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Thousands of Marines Refuse COVID-19 Vaccine

Updated: Oct 15, 2021

Starting in December 2020, many United States citizens started receiving COVID-19 vaccinations. However, there is one particular group that has been declining the vaccine. Nearly 40% of Marines, or 48,000, who have been offered the opportunity to take the vaccine have declined the offer. The Marine Corps has roughly 102,000 Marines who still have not been able to take the vaccine. The COVID-19 pandemic has killed nearly 572,000 Americans and two dozen U.S. troops, so it begs the question of why so many members of a branch of the U.S. Armed Forces would refuse a vaccine that decreases the likelihood of getting or dying from the disease.

There are countless explanations for why several thousand Marines have declined the vaccine. According to Captain Andrew Wood, a spokesman for Headquarters Marine Corps, an individual may have deferred until later to allow others to get the vaccine. Or, they may have gotten the vaccine on their own and not through military channels. Additionally, they could be unavailable for a second dose in the prescribed time period for the vaccines that require two shots. Some expect the vaccine to become mandatory and are waiting until then. Others may be allergic to one of the compounds in the vaccine. Even if a Marine declines a vaccine, they are still eligible to receive it when the next opportunity presents itself.

Some Marines are hesitant to get the vaccine due to concerns about how fast the vaccines were developed. Despite several clinical trials having been conducted on the effectiveness of COVID-19 vaccines before being submitted to the Food and Drug Administration (FDA) for emergency authorization, many still question their long-term effects.

Along with the concerns of a vaccine’s effectiveness, a driving cause for reluctance to the vaccine relies on partisanship, a strong and sometimes blind adherence to a particular party, faction, cause, or person. “Reluctance to get the vaccine is driven more by partisanship than any single demographic factor. It says a lot about the depth of our partisan divide that it could impact public health like this,” said Patrick Murray, director of the independent Monmouth University Polling Institute.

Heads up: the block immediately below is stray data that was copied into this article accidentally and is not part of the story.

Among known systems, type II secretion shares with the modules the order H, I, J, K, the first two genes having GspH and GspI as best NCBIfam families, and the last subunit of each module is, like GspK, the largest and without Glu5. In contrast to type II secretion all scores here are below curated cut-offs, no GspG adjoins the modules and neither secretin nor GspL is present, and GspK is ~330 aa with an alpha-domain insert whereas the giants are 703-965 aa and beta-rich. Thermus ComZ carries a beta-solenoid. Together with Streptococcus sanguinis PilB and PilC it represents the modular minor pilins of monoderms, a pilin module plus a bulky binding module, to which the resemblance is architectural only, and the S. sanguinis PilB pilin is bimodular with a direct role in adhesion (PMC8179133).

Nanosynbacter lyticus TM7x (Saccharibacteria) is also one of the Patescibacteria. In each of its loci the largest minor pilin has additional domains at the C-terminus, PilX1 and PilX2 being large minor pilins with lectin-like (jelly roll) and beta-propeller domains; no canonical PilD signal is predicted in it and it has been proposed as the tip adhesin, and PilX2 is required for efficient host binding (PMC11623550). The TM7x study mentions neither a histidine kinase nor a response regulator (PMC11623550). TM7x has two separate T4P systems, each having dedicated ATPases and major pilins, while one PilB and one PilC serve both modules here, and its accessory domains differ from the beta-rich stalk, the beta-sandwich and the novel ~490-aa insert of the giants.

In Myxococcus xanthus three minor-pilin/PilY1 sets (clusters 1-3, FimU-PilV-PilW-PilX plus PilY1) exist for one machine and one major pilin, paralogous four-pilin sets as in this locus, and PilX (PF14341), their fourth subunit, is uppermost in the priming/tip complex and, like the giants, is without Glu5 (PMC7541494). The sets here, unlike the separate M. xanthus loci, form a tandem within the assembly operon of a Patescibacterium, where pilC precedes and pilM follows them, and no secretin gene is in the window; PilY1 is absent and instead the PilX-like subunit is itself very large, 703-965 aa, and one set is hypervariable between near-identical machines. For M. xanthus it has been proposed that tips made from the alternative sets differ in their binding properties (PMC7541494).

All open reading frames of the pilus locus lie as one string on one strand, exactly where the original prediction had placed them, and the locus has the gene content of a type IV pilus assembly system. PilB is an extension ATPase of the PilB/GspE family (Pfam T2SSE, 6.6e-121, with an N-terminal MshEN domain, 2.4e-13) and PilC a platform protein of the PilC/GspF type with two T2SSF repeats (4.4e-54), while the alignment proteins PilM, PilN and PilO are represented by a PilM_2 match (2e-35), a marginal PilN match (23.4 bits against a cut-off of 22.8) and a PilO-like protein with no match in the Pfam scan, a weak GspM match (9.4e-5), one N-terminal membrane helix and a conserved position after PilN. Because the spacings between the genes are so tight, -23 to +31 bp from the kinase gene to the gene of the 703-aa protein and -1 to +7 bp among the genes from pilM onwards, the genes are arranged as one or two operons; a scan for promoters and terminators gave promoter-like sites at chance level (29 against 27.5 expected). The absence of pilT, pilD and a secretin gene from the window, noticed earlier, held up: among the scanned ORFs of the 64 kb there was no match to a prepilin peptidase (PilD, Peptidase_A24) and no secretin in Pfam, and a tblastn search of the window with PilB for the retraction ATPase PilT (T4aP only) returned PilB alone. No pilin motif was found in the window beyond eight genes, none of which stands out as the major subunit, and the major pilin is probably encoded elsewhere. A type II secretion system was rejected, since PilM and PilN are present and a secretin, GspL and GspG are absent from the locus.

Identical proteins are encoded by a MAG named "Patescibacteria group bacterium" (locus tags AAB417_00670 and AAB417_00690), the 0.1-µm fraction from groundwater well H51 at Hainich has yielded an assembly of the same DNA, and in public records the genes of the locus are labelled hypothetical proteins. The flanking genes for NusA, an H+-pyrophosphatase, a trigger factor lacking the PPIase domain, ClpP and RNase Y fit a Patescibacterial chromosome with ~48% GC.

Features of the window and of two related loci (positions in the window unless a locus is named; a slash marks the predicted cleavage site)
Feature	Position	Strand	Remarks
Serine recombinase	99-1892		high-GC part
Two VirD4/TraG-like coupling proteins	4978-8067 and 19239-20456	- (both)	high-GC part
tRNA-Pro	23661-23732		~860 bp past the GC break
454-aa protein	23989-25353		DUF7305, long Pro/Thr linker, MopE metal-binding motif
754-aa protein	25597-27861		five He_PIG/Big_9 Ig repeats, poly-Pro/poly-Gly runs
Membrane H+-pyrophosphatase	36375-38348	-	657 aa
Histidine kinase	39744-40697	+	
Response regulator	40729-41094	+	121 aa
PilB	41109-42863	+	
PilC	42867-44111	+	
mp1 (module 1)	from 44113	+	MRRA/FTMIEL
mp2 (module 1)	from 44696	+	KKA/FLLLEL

Because COVID-19 vaccines only have emergency use authorization from the FDA, the military, which includes the Marine Corps, cannot make vaccines mandatory for its service members. However, a waiver from the President could bypass that rule. Seven Democratic members of Congress sent and signed a letter to President Biden requesting that he issue a waiver of informed consent to COVID-19 vaccination mandatory for all U.S. military service members.

Through Teen Lenses: Do you believe that people should have the option to not take a vaccine? Why or why not?

I believe that people should have an option to take the vaccines. It is a fluid that’s being injected into their bodies, so they should have a choice. However, there should be restrictions on those who refuse to take it, such as extended mask mandates. They are still putting others at risk, so they need to take the necessary precautions before entering a public crowd. Anu Daga, 15, Chantilly High School, Chantilly, VA
I believe that the vaccine should be mandatory for everyone if they want to be able to get back to pre-COVID life. There should only be a few times where one can be exempt from the vaccine. Making the vaccine mandatory for everyone will ensure people don’t get COVID and we eventually develop herd immunity. Pranav Sakamuri, 14, Lassiter High School, Marietta, GA
While I do think that taking the vaccine should still be optional, it is important for the miss- information to end. The vaccine is a crucial step in stopping the spread of the virus. It is important that reliable, factual information is being put out for the public. This allows people to make a proper judgment as to whether or not they should receive the vaccine instead of basing their decisions on bogus information putting them at higher risk for the disease. Nithya Ramani, 16, South Lakes High School, Herndon, VA


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